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3 - End of Democracy or Recurrent Conflict: Minimalist Democracy, Legitimacy Crisis, and Political Equality

Published online by Cambridge University Press:  25 November 2022

Richard Ned Lebow
Affiliation:
King's College London
Ludvig Norman
Affiliation:
Stockholms Universitet
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Summary

This chapter criticizes the strand of recent political science and political theory that claims liberal democracy is under threat from illiberal populism and that this is a wholly unique phenomenon of the present rather than part of recurrent crisis of liberal democracy tied to the political sociology of the Schumpeterian competitive party model. Viewed this way, this crisis is in fact a result of the failure of liberal democracy to offer citizens a defensible principle of legitimacy based on a robust notion political equality, the core principle of democracy. Precisely, what appears to be the source of its robustness, the competitive process of parties and politicians for the popular vote is—when viewed as a recurrent struggle to bring this model back under the control of citizens—the very source of its frailty. The dichotomy liberal democracy-populism blinds us in assessing the actual developments arising from the fragility of liberal democracy. Indeed, it may inform responses that will lead to outcomes quite at odds with the original intentions of those who deploy it.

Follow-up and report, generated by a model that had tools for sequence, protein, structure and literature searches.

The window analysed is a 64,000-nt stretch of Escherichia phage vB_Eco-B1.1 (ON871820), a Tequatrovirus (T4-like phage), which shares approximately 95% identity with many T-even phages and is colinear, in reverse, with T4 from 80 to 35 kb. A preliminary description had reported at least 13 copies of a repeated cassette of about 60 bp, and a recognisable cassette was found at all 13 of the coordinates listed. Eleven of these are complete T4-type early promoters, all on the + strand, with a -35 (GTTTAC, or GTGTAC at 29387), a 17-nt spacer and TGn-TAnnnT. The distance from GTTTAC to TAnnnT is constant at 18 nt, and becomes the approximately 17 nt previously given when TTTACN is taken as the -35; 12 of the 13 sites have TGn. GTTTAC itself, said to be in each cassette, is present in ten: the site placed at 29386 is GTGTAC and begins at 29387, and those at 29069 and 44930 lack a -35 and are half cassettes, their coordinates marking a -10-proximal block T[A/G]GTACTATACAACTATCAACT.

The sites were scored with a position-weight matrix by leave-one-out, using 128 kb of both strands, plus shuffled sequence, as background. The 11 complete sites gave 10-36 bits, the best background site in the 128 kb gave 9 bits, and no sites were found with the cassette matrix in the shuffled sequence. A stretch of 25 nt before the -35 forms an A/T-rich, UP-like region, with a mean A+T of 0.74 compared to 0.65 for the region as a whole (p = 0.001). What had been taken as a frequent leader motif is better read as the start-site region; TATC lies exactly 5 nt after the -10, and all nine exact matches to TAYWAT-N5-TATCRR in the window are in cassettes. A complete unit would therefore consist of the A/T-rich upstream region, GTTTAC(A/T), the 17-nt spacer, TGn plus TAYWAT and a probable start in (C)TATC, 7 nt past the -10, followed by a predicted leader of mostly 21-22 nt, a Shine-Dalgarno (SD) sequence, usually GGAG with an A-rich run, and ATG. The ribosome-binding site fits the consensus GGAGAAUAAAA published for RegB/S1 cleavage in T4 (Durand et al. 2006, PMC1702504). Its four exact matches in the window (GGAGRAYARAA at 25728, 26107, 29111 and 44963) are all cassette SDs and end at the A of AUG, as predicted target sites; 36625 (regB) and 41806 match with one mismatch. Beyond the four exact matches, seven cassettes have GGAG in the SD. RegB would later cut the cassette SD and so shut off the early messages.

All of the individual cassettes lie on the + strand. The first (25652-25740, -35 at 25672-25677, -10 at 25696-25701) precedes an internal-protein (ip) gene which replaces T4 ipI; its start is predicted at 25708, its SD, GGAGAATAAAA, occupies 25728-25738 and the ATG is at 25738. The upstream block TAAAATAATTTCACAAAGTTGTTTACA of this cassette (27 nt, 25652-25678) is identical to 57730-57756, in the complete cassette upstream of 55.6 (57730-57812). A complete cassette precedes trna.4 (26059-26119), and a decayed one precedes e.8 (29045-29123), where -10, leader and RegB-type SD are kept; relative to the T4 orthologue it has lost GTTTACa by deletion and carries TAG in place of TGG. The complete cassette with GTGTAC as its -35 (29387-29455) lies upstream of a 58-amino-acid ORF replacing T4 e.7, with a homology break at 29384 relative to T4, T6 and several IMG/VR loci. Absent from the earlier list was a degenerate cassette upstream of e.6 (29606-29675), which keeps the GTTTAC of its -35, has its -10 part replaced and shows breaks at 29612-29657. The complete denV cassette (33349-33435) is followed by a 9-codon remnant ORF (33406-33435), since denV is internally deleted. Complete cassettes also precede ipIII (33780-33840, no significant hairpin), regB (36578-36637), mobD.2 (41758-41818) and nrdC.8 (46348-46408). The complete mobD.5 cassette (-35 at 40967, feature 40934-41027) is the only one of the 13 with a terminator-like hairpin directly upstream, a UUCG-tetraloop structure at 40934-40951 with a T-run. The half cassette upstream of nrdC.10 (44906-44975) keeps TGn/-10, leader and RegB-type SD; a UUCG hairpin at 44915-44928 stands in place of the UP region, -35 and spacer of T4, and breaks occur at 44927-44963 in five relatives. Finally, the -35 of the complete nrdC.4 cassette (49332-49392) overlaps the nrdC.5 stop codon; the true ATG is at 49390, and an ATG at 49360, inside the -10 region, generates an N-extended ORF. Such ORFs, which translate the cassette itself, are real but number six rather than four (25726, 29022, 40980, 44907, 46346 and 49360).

Type
Chapter
Information
Robustness and Fragility of Political Orders
Leader Assessments, Responses, and Consequences
, pp. 54 - 91
Publisher: Cambridge University Press
Print publication year: 2022

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